King Crimson's MUSIC IS OUR FRIEND 2021 tour of the USA, with Special Guest The California Guitar Trio

t’s been eight years since Starless was returned to the KC setlist. You might think that folks hearing it live are now a bit blasé about it but there’s always an incredibly strong emotional reaction upon hearing those opening strings.
Written by Galen Herod
A haiku does not have to be 5/7/5. That's a guideline for English speakers to get them started. It's a little nutty to think a minimal art form of grace and beauty should rely on being an accountant. Ezra Pound is famous for many haiku, like his In a Station of the Metro: The apparition of these faces in the crowd: Petals on a wet, black bough.
Written by Marian Connel-Limer
Solid Selection with a highly entertaining performance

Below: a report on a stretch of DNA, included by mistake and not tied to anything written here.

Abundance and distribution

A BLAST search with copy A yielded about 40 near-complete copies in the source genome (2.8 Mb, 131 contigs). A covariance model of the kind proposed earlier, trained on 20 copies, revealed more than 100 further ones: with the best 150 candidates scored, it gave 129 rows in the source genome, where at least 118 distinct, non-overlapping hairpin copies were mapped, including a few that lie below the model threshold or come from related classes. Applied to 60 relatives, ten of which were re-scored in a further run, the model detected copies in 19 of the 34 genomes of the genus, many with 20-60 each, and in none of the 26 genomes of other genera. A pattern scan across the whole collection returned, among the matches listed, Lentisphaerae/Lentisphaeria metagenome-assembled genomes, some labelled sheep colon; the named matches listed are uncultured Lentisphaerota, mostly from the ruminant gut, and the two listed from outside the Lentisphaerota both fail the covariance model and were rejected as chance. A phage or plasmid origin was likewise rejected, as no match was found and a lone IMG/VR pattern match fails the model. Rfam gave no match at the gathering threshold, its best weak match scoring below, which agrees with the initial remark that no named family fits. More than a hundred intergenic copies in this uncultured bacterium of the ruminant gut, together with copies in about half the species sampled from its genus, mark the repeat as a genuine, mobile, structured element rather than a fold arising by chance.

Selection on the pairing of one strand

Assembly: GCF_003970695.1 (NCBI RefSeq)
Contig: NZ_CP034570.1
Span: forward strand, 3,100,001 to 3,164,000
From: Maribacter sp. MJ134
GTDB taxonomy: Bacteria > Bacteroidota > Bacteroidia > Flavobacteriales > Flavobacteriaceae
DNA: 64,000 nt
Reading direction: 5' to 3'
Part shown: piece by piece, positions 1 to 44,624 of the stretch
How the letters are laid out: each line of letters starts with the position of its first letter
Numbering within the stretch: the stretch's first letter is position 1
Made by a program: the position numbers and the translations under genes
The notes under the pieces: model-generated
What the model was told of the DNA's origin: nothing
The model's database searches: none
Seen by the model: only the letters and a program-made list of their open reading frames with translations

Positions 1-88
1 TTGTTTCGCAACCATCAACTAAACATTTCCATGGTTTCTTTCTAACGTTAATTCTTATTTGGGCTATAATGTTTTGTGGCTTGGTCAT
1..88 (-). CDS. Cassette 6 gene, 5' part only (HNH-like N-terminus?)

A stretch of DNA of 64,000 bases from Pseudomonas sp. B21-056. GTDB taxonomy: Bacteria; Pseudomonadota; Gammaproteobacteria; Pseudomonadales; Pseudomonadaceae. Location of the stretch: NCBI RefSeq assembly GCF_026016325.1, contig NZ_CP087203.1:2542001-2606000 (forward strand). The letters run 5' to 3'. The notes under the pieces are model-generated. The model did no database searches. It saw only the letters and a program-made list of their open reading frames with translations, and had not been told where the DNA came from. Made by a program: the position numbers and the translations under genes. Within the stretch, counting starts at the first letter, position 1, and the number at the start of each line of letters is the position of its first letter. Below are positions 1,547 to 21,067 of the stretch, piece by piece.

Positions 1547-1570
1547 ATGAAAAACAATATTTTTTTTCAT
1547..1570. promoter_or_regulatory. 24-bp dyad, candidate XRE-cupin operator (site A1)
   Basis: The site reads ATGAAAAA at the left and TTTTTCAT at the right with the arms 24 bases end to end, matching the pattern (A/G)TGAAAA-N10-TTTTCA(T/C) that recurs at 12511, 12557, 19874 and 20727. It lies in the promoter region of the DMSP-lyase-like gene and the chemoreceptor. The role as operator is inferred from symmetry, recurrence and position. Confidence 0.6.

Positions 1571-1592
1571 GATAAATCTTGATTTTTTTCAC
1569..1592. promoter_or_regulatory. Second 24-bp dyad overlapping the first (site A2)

Going in, I hadn't expected much of the California Guitar Trio, but by the time they played their cover version of Echoes by Pink Floyd, I was entranced and ready to delve into the real meat of the set. A stable but shaky performance of Pictures Of A City led to an earthshattering Epitaph and Red, going into my favorite part of the concert, the extended introduction to Indiscipline. Seeing the drummers make faces at eachother while dueling polyrhythms drove me to near-hysterical laughter, as it did my older brother, whose prior exposure to Crim goes as far as stuff I played on the ride to the venue. After Indiscipline came a similarly stellar performance of One More Red Nightmare. All around, Mel Collins' wind contributions really tied the divergent styles of the set together. Islands was near-identical to the album version, for better or for worse, with the same crescendo at the end, though feeling emptier than on the album by way simply of not getting loud enough. When the band came back from intermission, they immediately broke into a fair rendition of TCOTCK, and then an absolutely menacing Starless, complete with the lighting darkening dramatically. It made me wish more of the show made usage of dynamic lighting, due to how effective it was here. The show's Encore, the iconic 21st Century Schizoid Man, is possibly the best performance the Jakko era has had thus far, helped by Gavin Harrison's virtuosic drum solo in the midsection. Overall, this being the first, and possibly only time I see King Crimson live in person, It was a servicable selection of tracks with great performances all around, and an acceptable outing for a band of this caliber. 8.5/10